Even if we can't spare any money, we can pray.  It's a huge storm, and victims will need our prayers for months to come.  We can pray for the government officials who will need to make decisions.  We can pray for utility workers who will work themselves to exhaustion in the weeks to come.  We can pray for those who have lost everything.  We can pray for those who must make repairs.

We might even send cards, so that people know that we're praying for them.  I remember week after week of clean up and repair after Hurricane Wilma.  One day, we got a prayer shawl from a church in Oklahoma with a card that said they were praying for us.

I cried.  From a distance of 7 years, I'm a bit embarrassed to admit how much it meant to me to know that a church many states away held us in their prayers.  But it meant a lot.  It didn't magically remove the damaged carpet or fix the holes in the roof.  But that knowledge gave me the sustenance to carry on a few more days.  And then a few more days after that.  And then month after month.

So, give money or give prayers or whatever unique opportunities you may have to be of service.  And then, pray a bit more.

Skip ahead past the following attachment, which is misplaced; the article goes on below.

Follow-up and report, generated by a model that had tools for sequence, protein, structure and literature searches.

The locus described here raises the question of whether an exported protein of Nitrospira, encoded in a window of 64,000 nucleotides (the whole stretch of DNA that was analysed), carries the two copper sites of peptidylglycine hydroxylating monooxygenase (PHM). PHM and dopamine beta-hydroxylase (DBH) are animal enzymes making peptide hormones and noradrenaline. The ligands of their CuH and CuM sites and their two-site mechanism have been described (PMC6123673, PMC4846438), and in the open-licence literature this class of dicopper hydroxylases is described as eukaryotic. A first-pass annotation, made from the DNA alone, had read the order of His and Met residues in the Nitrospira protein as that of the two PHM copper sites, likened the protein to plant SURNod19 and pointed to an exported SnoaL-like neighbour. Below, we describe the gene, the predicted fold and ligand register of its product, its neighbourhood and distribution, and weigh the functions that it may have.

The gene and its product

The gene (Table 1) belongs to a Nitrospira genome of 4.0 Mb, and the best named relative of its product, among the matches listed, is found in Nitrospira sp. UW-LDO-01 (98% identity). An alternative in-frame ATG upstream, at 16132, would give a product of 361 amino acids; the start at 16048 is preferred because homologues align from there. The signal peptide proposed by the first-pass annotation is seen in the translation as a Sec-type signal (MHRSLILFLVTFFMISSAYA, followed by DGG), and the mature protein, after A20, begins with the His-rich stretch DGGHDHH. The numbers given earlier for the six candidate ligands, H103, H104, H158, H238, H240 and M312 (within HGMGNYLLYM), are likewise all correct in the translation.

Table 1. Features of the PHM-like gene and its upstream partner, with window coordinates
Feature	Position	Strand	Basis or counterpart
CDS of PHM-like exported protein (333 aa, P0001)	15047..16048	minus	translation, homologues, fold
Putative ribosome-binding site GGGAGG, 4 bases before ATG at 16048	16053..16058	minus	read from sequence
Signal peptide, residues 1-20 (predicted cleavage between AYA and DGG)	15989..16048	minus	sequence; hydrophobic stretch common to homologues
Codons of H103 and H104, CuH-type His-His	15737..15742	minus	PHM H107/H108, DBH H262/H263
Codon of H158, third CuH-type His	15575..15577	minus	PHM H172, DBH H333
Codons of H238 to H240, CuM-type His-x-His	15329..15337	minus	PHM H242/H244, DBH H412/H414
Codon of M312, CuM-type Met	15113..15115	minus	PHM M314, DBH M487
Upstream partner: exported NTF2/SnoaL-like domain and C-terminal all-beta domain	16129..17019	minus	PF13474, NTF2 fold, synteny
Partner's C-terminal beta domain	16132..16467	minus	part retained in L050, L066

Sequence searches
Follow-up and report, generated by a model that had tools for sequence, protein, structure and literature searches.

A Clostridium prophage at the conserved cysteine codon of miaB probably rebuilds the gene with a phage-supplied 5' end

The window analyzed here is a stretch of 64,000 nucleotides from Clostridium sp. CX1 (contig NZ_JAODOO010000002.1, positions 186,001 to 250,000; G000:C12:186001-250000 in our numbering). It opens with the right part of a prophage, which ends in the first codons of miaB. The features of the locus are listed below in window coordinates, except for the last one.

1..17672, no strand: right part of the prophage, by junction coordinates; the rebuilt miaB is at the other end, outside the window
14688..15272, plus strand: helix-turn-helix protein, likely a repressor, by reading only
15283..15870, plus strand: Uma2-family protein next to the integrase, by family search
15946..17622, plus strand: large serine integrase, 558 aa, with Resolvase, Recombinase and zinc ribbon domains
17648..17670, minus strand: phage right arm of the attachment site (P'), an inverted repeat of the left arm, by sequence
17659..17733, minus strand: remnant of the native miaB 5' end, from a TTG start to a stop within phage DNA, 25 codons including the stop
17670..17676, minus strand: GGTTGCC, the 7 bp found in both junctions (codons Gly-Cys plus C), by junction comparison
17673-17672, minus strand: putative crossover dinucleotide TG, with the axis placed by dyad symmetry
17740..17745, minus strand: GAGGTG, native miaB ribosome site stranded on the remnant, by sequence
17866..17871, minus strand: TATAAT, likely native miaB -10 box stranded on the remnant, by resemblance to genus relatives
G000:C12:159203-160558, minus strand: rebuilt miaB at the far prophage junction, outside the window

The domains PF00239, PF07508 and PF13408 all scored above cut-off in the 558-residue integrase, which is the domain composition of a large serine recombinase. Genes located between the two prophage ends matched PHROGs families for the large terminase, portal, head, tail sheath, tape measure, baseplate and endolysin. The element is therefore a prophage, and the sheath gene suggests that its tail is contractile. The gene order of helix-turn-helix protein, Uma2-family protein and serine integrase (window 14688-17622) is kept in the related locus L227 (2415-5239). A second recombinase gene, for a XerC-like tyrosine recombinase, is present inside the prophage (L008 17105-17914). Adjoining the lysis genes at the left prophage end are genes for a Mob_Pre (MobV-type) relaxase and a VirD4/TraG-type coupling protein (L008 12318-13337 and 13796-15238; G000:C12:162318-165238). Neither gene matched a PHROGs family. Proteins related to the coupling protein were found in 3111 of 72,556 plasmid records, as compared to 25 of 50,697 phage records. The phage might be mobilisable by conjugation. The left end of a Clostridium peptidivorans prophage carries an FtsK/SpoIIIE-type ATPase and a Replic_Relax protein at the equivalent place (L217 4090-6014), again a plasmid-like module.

Monday, October 29, 2012

Christians and Halloween

Now that we're done with Reformation Sunday, it's time to wrestle with the questions posed by Halloween.  A year ago, I wrote this post for the Living Lutheran site.  I'll post some chunks from it for your reading pleasure below:

"And those of us with a social justice conscience must ask ourselves: Is the best use of our money? Even if you celebrate simply, you’ll likely spend a bundle on candy to give out to trick-or-treaters."

"We could make our decorations. Instead of buying strings of orange lights that come from China, we could buy pumpkins from the local congregation that uses the pumpkin patch to fund education programs, and we could support local farmers when we buy mums, which last until the poinsettias make an appearance."

"As the shadows deepen and the Northern Hemisphere moves to a darker part of the year, we see people battling the gathering gloom by carving pumpkins and lighting candles.